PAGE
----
Do not make plans to skip treatments. And from your post it sounds like you are planning on skipping more than one treatment in a row. Believe me, even those who are one a 3x week schedule feel the affects after those 2 days off.  I realize you are new to dialysis. And it came on you pretty suddenly.

Please take it seriously for your wife's continued health.

Aleta
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Hanify
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« Reply #5 on: January 08, 2010, 08:26:11 PM »

I think she should rethink the PD option.  It is way more portable and you won't have any of these problems. 
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Diagnosed Nov 2007 with Multiple Myeloma.
By Jan 2008 was in end stage renal failure and on haemodialysis.
Changed to CAPD in April 2008.  Now on PD with a cycler.  Working very part time - teaching music.  Love it.  Husband is Paul (we're both 46), daughter Molly is 13.
davej
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« Reply #6 on: January 08, 2010, 10:05:57 PM »

If I took her with me, she would miss quite a number of treatments and I doubt I am going to do it.  It'll be no problem for her to make it to treatments because my son will bring her.  Tough for him to get up at 6:15AM but he has agreed to do it.

We sell our merchandise at a large number of events throughout the year and these Saturday treatments do not sit pretty with us.  We are both retired but our income does not pay for all our bills.  If we don't sell at these events we will go broke and eventually, file bankruptcy and lose our house and a lot of other things.  Not ready for that.  It appears as though her kidneys are functioning and I don't think that she will be that bad off going from Thursday until Tuesday.  However, I have read posts here that your kidney functions detiorate as you continue with dialysis.  It's very tough going through all of this.  We live in California and the cost of living is quite high. 

I personally do not think that dialysis is required 3x a week for 3 hrs a day for her.  I know there are people on this board going for 4-5 hours each time.  I question the necessity of every medication she gets, every treament, etc.  Matter of fact, everybody should question all phases of medical treatment in any way, shape and form.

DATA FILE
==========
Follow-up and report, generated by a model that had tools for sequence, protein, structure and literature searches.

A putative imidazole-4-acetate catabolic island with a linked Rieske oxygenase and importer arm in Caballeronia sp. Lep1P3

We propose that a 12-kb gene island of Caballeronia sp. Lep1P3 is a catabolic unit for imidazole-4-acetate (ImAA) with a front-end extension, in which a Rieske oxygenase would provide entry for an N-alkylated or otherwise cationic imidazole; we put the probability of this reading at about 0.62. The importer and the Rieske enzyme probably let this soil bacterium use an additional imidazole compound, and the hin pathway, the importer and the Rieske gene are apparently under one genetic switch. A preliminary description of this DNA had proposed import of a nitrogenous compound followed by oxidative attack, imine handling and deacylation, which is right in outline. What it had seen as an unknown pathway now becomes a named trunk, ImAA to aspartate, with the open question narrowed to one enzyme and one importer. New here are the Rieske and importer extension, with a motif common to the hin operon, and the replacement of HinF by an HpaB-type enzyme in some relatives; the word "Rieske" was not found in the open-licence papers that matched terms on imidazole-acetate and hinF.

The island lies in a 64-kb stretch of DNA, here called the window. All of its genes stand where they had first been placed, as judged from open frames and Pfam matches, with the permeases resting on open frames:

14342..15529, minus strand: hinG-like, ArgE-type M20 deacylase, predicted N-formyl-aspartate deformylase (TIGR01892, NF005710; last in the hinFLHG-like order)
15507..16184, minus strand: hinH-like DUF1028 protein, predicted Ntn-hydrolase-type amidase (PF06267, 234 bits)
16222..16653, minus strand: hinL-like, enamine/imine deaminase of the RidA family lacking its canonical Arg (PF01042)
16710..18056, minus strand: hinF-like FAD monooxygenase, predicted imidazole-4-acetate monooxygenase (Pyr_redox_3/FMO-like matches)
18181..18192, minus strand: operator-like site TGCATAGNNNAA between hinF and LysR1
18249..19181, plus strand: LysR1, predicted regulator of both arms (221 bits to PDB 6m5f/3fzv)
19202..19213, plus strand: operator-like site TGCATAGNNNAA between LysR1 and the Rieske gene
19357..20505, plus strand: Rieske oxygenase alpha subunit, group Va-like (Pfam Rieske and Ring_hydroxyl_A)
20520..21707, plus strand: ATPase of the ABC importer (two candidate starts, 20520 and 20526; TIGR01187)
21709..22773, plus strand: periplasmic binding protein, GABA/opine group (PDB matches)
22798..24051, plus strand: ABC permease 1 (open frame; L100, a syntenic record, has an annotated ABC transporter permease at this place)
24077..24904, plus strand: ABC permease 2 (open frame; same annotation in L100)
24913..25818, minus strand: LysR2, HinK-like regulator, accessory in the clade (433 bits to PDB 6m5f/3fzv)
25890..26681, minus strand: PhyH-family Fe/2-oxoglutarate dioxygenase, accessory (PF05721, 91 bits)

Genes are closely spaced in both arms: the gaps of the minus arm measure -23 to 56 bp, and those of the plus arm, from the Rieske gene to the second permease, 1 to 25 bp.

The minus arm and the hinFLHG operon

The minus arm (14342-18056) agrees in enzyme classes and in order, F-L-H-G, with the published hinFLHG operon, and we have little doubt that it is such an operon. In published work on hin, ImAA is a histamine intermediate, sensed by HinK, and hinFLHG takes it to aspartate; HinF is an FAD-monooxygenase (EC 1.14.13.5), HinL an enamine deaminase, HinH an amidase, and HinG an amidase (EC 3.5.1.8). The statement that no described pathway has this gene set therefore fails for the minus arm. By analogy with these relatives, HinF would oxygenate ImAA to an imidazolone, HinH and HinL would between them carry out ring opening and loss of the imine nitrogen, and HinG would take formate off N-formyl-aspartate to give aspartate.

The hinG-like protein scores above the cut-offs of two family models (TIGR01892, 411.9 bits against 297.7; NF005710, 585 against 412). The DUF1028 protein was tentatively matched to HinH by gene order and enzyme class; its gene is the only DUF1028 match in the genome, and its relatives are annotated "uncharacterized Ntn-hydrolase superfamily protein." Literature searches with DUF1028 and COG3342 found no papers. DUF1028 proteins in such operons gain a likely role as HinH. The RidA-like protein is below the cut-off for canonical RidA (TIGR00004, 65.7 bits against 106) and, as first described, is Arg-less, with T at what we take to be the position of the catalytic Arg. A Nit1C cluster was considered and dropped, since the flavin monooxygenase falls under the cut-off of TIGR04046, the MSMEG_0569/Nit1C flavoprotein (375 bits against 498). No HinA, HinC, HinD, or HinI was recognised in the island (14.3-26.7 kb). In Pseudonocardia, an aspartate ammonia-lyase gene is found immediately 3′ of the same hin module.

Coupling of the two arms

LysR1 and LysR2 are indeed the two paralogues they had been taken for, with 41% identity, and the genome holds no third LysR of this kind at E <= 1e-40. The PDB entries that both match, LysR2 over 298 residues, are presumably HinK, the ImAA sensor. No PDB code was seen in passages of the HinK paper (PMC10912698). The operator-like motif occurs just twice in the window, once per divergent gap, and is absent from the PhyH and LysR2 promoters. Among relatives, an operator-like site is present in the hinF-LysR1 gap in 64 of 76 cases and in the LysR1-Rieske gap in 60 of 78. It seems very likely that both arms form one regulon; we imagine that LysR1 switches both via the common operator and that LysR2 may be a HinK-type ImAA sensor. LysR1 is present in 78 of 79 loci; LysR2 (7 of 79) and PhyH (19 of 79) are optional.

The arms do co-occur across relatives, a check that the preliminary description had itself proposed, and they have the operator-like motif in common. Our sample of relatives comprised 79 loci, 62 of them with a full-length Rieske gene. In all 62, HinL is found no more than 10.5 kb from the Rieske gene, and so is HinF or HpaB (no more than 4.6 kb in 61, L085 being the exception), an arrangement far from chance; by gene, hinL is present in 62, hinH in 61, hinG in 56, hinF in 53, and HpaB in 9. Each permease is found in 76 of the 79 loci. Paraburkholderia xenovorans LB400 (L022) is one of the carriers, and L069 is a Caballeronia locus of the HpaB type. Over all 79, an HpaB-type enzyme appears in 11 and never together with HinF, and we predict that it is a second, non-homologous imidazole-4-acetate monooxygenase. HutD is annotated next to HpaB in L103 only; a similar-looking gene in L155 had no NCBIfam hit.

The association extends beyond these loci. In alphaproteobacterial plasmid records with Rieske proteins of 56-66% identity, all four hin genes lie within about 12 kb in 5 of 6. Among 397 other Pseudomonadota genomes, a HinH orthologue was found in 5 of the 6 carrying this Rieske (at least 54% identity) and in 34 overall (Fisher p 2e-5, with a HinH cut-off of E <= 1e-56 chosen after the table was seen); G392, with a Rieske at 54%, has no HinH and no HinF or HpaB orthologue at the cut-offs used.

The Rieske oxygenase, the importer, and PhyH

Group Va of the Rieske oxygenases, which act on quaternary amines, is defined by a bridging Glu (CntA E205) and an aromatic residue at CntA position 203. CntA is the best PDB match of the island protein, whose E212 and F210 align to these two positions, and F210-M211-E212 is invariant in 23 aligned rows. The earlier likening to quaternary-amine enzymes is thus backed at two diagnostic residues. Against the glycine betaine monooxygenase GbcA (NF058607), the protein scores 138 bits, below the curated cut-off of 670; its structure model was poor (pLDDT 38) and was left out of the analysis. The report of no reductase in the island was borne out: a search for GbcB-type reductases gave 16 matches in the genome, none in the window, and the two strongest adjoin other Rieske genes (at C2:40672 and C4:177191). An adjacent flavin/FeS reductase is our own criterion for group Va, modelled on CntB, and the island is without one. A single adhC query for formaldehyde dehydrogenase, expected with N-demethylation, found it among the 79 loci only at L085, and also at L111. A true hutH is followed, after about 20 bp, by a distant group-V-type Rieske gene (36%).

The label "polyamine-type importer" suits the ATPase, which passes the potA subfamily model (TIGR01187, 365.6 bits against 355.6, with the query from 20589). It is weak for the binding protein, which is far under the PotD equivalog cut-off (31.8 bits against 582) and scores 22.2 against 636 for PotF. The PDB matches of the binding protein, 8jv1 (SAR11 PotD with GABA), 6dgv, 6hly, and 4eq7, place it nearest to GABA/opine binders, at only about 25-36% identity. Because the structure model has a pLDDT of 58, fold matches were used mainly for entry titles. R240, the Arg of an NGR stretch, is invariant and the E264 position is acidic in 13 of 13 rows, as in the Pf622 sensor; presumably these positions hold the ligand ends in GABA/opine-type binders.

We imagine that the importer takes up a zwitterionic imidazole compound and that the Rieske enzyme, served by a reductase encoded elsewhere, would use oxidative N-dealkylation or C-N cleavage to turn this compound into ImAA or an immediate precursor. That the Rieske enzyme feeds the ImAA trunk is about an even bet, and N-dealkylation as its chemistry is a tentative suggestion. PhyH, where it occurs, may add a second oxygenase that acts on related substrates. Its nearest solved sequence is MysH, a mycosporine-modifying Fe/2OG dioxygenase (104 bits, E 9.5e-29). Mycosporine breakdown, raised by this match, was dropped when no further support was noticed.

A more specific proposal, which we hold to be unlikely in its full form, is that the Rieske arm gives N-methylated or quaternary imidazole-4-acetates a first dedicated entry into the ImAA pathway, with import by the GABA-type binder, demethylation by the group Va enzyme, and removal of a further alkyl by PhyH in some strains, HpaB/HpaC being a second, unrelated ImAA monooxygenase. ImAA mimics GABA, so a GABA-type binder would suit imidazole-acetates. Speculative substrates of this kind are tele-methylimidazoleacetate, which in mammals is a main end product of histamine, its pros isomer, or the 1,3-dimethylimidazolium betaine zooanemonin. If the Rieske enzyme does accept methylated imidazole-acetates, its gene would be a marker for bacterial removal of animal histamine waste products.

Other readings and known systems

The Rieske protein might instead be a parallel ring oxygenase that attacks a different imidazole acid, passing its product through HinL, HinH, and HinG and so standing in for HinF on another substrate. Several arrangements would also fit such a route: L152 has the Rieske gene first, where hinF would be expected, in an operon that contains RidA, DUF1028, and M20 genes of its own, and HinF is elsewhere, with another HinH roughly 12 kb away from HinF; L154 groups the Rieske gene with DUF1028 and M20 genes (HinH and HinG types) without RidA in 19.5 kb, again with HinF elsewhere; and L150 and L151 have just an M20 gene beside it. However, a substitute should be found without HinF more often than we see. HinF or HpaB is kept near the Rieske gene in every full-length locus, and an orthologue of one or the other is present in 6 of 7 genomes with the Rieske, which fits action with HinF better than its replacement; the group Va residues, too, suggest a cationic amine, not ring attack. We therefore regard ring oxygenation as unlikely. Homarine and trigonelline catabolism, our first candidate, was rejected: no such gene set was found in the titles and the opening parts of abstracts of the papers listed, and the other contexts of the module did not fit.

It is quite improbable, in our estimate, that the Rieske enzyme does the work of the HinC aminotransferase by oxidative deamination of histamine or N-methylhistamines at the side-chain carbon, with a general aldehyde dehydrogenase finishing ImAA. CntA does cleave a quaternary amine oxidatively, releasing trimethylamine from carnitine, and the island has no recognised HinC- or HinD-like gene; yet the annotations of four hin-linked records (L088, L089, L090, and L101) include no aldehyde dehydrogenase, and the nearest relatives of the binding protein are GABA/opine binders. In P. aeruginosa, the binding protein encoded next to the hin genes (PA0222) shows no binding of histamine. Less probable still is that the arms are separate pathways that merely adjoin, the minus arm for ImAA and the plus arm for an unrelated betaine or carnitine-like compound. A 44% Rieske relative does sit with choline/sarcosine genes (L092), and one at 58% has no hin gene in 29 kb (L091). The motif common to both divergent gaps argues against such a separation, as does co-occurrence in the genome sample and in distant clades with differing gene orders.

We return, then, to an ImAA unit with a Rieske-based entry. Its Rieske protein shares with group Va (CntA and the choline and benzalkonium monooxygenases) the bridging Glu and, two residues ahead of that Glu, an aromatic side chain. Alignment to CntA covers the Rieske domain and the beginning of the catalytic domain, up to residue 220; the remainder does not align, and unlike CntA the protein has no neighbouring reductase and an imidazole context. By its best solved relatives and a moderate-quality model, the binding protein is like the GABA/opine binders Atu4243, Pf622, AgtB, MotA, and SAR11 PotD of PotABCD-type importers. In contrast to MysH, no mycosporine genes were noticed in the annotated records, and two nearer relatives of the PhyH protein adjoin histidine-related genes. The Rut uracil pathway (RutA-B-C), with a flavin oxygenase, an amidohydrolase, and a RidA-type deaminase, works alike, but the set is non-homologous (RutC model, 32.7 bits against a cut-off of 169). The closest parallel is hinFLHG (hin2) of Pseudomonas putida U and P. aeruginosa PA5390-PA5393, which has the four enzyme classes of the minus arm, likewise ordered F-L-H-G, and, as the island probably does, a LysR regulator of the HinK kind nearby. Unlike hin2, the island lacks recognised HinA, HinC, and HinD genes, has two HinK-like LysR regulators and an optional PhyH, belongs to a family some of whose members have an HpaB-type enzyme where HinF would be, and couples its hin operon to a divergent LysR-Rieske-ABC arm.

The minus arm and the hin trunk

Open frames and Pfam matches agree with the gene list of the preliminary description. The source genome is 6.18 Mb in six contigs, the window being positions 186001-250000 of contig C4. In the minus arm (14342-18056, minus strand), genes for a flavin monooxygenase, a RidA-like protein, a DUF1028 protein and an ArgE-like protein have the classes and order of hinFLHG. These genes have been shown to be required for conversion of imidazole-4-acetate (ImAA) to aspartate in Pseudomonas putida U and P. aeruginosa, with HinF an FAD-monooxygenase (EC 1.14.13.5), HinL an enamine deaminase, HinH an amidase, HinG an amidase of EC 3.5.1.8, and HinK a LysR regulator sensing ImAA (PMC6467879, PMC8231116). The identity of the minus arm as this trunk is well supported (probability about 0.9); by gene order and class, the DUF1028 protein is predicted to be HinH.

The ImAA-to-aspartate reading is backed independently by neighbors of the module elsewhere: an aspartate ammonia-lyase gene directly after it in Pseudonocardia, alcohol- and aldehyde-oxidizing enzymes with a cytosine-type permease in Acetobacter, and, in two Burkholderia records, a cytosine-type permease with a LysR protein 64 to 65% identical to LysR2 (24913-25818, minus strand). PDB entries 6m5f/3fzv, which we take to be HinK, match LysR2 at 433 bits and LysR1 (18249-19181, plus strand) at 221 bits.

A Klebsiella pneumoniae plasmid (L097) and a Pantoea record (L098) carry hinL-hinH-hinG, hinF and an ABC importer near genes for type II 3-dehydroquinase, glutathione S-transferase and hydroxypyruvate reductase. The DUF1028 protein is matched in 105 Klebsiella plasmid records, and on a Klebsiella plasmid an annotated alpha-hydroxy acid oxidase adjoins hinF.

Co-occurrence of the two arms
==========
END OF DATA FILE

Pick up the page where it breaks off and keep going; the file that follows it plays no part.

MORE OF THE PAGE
Back in September my wife was in the hospital and they began her on insulin for diabetes.  On her last day there they instructed her on the procedure and the nurse gave us a sliding scale.  When I got the prescription, it said to administer 30 units four times a day.  I happened to have misplaced the sliding scale and called our health plan help desk, pharmacy and my wife's doctor and they all said to give her the 30 units.  Can you believe that?  We had an investigation and they had the head pharmacist tell me that it was an error made by the pharmacist doing the prescription.  The head pharmacist told me that this person was an excellent employee and somehow he 'misinterpreted' the prescription when 'transcribing' it and instead of putting 30 minutes before meals he put 30 units.  Sorry, but a good employee is familiar with dosages and would not make an error like that.  Can you imagine what would have happened if I had given my wife 30 units of insulin?  I am still pretty upset over this and have questioned every little thing that happens in my wife's medical life.
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jennyc
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« Reply #7 on: January 09, 2010, 12:53:11 AM »